Throwing the whole world into a single room together doesn't work.
Surprised to see no mention of Reddit. Reddit is basically what you mention, smaller interest based communities with community moderation.
Of course, Reddit can be pretty toxic though too, lol.
This is perceptive. An odd part to the story is one company that seemed great at cracking this sort of thing also realized this issue, but its solution completely failed - Google, with Google Plus.
Their big advance was supposed to be "Circles", where you could sort your contacts into different groups whom you'd then post different content to, basically have different social networks with within the Plus umbrella.
There's a lot of reasons this (Plus generally, and this solution specifically) didn't work. But I wish it or something like it had.
Google's failure vis-a-vis Facebook convinced everyone Facebook's theory of the Internet (or at least social media) was right and Google's wrong. But I think this article, and Facebook's performance the last several years, shows otherwise, to the detriment of all of us.
Worth pointing out the effect that Twitter had on people of middling renown. It's obvious that the super famous and connected would grow rapidly on Twitter - but it also rewarded people who had the time to post a metric ton on Twitter. Now - I'm not saying that someone can't be an expert or carry a high amount of domain specific knowledge and post on Twitter - but they are inversely correlated. It's sensible that the less specific knowledge you have - you are more likely to hit it big on Twitter in terms of notoriety (the effect I'm discussing is marginal at best to be clear.)
The question is - do we want to listen to people like that? If so, why? It makes sense that people that know a lot about cars would share knowledge about cars on a cars forum - but they would never take over Twitter. They literally can't - it's not generic enough information. Should we be consuming generic-grade information, or worse yet, elevating the ideas of people who have lower quality ideas than you would expect given their stature on the platform? The most intelligent and knowledgeable people I've met in my life are business owners, skilled and intelligent workers, and college professors. I've learned a lot and had mind-blowing conversations from mostly just listening to them and asking questions. Exactly zero of these people are on Twitter.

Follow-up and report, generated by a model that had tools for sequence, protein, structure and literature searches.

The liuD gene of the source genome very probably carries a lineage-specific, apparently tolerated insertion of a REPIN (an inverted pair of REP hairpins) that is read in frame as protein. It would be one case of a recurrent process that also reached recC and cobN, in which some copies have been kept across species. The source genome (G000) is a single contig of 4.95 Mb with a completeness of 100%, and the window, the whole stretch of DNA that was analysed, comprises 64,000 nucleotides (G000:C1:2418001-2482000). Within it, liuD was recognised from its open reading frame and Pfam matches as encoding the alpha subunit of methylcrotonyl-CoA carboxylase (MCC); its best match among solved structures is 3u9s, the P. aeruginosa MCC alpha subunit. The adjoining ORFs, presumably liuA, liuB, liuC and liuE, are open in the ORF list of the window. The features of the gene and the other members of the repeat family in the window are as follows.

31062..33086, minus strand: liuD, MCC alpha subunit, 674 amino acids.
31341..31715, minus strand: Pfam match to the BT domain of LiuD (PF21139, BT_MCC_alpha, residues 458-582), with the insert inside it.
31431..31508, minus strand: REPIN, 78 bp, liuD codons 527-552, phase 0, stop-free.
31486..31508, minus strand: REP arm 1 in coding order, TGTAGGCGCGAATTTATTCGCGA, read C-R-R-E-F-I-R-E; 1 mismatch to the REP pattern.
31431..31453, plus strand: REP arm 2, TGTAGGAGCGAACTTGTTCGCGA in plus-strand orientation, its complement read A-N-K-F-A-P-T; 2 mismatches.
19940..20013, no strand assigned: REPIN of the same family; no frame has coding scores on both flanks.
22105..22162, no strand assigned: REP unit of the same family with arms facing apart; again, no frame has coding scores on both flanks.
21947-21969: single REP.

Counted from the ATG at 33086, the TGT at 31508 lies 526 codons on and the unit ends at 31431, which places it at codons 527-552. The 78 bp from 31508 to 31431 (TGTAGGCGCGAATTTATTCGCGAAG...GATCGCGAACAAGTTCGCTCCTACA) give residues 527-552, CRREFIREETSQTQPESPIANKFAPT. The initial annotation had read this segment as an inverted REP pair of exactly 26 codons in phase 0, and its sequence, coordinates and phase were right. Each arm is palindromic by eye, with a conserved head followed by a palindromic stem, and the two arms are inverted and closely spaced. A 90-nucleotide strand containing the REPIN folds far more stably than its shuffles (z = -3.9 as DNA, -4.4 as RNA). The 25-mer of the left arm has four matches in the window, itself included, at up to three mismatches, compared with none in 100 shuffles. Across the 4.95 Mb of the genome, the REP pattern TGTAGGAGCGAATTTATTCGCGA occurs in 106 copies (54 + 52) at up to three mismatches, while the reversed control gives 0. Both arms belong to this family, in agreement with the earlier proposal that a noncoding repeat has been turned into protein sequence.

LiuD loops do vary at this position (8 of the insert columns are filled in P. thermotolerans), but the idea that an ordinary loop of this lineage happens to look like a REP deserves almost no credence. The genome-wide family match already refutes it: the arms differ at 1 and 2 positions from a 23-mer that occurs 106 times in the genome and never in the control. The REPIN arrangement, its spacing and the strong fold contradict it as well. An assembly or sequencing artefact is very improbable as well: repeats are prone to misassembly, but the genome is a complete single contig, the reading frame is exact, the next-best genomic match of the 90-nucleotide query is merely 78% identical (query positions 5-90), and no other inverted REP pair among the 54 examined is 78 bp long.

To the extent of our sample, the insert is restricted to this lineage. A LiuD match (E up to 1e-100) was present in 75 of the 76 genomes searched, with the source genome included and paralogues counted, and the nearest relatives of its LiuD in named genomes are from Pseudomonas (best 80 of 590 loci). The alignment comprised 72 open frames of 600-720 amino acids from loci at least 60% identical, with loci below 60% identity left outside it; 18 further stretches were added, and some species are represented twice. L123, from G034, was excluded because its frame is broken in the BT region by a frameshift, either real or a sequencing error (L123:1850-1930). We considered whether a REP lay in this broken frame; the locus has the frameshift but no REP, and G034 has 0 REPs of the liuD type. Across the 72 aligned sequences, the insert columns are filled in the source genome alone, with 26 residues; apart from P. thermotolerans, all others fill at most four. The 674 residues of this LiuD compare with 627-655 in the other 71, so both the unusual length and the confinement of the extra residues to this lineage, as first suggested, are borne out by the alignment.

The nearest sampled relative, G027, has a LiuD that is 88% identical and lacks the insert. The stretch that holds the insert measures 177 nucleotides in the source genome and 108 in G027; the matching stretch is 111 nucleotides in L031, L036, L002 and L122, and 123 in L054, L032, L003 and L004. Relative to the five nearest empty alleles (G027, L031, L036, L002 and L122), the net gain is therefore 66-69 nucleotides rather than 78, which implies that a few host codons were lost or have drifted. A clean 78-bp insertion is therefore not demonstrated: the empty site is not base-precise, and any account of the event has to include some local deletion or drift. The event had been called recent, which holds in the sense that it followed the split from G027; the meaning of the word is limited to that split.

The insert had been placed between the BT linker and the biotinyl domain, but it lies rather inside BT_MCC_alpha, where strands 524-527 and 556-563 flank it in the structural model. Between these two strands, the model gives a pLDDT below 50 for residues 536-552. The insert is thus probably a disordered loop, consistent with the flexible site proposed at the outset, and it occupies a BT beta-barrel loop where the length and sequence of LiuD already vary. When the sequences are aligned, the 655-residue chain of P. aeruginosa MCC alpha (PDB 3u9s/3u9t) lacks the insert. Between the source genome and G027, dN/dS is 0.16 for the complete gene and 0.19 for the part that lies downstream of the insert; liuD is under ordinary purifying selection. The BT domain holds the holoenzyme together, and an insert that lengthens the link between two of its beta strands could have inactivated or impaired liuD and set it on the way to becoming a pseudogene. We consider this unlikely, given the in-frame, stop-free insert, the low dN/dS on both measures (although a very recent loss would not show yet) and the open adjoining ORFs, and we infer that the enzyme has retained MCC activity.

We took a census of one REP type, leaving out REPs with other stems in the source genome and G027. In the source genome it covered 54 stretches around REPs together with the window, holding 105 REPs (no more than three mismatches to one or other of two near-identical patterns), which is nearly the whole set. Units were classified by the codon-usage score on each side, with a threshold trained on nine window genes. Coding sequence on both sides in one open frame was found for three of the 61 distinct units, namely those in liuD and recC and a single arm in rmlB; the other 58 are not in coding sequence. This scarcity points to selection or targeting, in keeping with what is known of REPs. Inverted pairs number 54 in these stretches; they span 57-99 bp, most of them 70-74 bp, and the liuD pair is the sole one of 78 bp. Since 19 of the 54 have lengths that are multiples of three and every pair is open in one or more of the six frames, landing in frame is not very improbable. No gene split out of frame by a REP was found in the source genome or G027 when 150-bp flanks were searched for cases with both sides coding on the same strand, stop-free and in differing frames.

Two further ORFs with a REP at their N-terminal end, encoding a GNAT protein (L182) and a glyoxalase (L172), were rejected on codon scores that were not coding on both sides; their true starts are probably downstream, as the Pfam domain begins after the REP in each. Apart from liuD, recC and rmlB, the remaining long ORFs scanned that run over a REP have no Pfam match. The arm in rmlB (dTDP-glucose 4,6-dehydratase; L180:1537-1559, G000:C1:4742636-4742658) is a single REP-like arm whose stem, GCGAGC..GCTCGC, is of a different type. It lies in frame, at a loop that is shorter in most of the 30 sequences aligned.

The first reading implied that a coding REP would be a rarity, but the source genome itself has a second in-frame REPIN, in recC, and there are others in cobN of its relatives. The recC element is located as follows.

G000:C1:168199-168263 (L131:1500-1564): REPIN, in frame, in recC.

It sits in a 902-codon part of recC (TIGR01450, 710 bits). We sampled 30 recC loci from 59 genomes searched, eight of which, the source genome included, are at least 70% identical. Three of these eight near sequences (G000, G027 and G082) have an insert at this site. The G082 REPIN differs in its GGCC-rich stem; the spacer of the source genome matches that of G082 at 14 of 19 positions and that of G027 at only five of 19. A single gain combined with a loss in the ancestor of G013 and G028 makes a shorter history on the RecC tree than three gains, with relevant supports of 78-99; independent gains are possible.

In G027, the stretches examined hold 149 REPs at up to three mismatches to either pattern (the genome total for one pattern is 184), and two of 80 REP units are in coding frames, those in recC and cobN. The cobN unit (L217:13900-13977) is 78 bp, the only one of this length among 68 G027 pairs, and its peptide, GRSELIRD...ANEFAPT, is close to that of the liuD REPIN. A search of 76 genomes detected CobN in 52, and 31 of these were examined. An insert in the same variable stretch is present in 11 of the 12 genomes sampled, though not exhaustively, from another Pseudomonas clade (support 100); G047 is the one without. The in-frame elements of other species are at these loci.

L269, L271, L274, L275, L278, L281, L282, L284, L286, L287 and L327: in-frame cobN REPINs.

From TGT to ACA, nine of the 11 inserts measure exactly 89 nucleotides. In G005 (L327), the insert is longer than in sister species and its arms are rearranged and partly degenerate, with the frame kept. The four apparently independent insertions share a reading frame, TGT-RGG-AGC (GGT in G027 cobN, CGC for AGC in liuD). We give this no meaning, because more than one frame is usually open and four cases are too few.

Love this. You should include the need for ambassadors to help different towns communicate peacefully and profitably.
I would add deracination to fragmentation. The ability to plant and nurture deep roots seems less possible or at least less apparent on TikTok, Instagram, and Snapchat. I've been thinking about T.S. Eliot's 1919 "Tradition and the Individual Talent" as a once relevant theory on how the 'best' creators deliberately situate themselves in relation to the best of what has been created. Without an archive how is that possible.
On Twitter, different communities tend to stay separate. Law Twitter, or medieval Twitter, or whatever are often having their own separate discussions. It's mostly on contested, national political issues that become people shouting at each other.
You mention allowing people to moderate responses to their tweets. I argued that Twitter should allow that. I think it would enhance the ability of people to curate conversations and communities in their corner of Twitter. Some would choose to delete anyone who disagreed with them. Their comment threads would be boring. Others would choose to allow dissent while limiting the shouting.